Tar Heel in Mouth Two stories come to us from North Carolina—what are the odds?
A Republican candidate for the state senate named Steve Wiles (no relation to the Wiles mentioned above) who’s running as an opponent of marriage equality was revealed to be none other than “Mona Sinclair,” a drag entertainer in a former life. Wiles apologized for this youthful indiscretion and insisted that he’s totally not gay, dismissing his Mona phase as a long-ago mistake. But wait: it turns out he was an opener at the Club Odyssey in Winston-Salem for some fourteen years, right up until 2010 (as reported on Towleroad.com). Further research turned up that Wiles was not only the Club’s entertainment, he was also a client. And to top it all off, Wiles was involved with the Miss Gay America pageant, whose website includes the cryptic statement that he was suspended for “conduct unbecoming to a promoter of the MGA pageant system.” Which raises the question, what does one have to do to get booted from the MGA? Wiles’ public (or a segment thereof) wants to know!
And then there’s Clay Aiken, that rascally singer who finished a close second on American Idol’s second season but then went on to have a truly glamorous recording and performance career, along the way coming out as gay—which seemed a no-brainer, but you never know about Aiken’s (heavily Southern) fan base. Anyway, his singing career survived, but last year Aiken took a turn to politics, launching a run for a U.S. House seat as a Democrat from North Carolina. But first he would have to win the primary by outpolling Keith Crisco, a 71-year-old former N.C. commerce secretary. Once again it was a photo finish, with Aiken enjoying a 369-vote lead on primary night last May. But then a strange thing happened. Crisco slid and took a fall just hours after the polls closed, and by the next morning he was dead. No agonizing recount ensued, and Aiken was left standing in the field, so to say—along with an odd aura of invincibility, that old black magic of a gay torch singer on a stage, albeit one who’ll need all the help he can get in November in this heavily Republican district.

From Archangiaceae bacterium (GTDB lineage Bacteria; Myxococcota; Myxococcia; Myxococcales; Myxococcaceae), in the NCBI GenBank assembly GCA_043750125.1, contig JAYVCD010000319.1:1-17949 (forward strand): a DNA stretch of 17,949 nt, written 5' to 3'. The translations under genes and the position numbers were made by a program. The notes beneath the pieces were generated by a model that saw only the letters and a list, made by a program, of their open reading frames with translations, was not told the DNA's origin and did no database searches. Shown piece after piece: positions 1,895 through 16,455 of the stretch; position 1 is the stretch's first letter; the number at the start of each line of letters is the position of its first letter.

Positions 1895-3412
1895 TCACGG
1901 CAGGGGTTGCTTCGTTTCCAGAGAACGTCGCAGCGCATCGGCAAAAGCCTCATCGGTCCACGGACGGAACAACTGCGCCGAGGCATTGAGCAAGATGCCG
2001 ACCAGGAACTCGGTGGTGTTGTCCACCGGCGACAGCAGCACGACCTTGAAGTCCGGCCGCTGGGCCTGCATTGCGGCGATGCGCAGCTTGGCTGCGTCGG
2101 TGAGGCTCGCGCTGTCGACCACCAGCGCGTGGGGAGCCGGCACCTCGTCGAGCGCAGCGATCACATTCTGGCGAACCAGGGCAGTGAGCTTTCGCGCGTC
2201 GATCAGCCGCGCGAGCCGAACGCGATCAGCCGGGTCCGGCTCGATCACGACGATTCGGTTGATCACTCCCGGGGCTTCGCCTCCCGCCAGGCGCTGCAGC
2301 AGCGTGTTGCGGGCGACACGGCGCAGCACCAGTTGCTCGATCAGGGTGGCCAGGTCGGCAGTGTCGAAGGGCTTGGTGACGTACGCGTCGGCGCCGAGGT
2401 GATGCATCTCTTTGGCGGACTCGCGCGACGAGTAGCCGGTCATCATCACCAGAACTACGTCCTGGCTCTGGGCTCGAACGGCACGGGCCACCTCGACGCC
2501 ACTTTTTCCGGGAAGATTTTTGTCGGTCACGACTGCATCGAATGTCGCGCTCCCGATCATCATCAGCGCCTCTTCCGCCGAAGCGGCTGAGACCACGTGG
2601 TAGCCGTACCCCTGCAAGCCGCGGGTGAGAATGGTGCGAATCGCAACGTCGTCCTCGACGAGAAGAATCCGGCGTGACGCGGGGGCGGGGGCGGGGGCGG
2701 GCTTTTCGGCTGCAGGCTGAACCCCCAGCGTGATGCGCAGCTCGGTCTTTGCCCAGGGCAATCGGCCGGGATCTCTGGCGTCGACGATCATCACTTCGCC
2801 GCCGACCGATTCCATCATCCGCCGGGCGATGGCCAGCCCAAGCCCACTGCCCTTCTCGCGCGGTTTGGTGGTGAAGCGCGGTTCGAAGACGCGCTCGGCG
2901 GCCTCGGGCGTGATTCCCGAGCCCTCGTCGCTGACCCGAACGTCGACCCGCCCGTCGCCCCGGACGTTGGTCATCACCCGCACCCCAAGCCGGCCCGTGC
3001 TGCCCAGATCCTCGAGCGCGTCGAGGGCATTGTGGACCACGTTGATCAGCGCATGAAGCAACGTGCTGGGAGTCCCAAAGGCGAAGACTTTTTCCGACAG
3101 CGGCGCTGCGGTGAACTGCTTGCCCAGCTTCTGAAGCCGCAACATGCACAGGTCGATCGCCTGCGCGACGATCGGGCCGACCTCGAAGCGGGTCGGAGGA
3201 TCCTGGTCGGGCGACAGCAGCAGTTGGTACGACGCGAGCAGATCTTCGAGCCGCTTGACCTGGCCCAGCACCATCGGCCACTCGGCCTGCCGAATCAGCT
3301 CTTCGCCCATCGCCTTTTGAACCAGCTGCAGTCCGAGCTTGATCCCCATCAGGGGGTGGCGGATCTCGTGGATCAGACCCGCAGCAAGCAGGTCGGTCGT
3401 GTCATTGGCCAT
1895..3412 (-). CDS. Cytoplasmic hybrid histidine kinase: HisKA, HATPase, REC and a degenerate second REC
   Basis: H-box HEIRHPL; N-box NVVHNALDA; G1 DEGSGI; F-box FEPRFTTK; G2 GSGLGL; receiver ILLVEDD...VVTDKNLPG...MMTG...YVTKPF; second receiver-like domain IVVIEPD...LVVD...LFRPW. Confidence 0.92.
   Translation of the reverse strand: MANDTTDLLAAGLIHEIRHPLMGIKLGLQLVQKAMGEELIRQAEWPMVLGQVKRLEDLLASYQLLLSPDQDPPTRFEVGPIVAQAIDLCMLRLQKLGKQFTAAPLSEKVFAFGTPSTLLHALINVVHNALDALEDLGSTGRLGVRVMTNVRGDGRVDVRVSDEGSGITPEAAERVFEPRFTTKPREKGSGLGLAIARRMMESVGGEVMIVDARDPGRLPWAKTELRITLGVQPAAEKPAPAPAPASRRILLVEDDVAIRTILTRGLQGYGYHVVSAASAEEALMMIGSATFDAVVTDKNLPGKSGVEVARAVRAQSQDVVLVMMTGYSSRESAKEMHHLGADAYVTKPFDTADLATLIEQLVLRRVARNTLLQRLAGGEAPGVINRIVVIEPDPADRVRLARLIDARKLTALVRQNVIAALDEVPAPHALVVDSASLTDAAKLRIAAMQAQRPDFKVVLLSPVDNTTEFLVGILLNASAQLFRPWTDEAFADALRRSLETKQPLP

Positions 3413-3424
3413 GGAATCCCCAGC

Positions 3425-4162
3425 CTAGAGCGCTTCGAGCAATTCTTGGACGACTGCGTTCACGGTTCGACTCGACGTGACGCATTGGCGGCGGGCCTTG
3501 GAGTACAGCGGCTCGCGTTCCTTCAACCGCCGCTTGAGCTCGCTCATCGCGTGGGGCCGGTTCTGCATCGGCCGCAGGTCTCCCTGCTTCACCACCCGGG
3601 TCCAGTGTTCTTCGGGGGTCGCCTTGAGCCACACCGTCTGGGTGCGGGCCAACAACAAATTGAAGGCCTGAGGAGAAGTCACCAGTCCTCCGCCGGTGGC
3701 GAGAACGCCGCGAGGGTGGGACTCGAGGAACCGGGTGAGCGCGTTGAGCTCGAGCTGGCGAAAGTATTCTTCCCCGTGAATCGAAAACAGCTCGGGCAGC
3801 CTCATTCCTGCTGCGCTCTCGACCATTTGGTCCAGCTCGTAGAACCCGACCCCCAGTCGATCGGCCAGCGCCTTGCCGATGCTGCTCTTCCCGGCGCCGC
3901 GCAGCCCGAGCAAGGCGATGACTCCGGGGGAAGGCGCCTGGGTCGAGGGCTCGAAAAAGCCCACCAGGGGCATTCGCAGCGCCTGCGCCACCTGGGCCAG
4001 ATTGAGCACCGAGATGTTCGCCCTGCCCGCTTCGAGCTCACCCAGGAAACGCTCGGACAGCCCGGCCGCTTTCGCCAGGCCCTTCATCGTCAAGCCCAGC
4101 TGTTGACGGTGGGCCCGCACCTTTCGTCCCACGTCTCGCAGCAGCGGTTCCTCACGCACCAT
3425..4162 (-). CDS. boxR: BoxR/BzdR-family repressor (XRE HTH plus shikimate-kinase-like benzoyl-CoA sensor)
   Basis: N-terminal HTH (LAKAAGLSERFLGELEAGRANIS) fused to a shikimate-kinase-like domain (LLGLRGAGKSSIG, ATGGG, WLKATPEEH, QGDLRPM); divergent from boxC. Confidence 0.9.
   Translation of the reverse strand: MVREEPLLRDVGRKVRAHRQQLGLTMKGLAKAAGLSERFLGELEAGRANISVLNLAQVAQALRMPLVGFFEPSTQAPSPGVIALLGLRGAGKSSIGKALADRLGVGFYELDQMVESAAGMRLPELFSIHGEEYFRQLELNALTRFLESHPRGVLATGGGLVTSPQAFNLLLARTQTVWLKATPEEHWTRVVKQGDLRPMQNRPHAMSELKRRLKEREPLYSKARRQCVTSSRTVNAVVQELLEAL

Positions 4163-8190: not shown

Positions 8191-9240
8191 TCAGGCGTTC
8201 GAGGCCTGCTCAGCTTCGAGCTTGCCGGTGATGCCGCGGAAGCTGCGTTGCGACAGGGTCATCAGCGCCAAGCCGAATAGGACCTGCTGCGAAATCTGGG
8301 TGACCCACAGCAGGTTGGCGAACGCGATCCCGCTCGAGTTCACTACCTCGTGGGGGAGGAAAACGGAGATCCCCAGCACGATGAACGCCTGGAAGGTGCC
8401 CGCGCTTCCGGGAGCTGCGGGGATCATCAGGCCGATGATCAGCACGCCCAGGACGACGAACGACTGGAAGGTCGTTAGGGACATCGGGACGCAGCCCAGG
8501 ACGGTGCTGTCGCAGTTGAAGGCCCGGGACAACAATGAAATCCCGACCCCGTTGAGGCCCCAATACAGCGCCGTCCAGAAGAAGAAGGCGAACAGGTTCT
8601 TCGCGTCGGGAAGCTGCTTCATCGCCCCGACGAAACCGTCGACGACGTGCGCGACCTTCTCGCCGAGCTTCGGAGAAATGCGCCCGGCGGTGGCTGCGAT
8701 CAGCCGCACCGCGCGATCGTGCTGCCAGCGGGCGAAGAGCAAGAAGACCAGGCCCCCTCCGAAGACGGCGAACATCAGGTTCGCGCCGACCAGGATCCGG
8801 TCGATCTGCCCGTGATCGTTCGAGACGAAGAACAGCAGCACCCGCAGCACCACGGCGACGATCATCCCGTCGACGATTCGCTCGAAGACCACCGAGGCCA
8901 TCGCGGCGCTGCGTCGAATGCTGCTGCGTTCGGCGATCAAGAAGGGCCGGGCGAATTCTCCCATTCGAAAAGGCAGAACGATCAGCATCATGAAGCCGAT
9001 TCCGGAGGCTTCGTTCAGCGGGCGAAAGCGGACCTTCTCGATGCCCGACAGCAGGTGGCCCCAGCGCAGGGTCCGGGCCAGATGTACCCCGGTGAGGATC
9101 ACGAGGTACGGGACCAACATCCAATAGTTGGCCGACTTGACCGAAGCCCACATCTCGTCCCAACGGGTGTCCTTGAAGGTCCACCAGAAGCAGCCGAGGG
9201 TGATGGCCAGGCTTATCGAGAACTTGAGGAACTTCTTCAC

The Fate of Clayton’s Anus It may be anticlimactic, but journalistic practice dictates that we follow up on an item from last fall about a young British man named Clayton Pettet who had announced his intention to lose his anal virginity in public as a project for art school. An audience of a hundred was anticipated, an insertive partner (“a friend”) was in place, and a late January date was penciled in. A few postponements later, an event finally took place on April 2—but it wasn’t quite the one that the 120 guests were expecting. What they encountered upon entering the former BBC performance space was a small booth within which a clothed Clayton was crouched. Before him were two piles of bananas. Each guest was asked to visit the booth in turn—the Brits are great at queuing up!—and upon entering was instructed by Clayton: “I am your anal virgin. You are my partner. Pick up a banana. [Pause.] Now penetrate my mouth with it eight times.” Needless to say, there was widespread disappointment in the hall and in the media, to which Clayton responded defensively, in the name of art: “They didn’t want an art piece, they wanted to see me have sex.” Well, yeah; they can get bananas at the nearest Tesco. As for art, the theme of a young man losing his anal virginity happens to be a gay porn cliché, so it’s not like the attendees were there for a moment of Zen.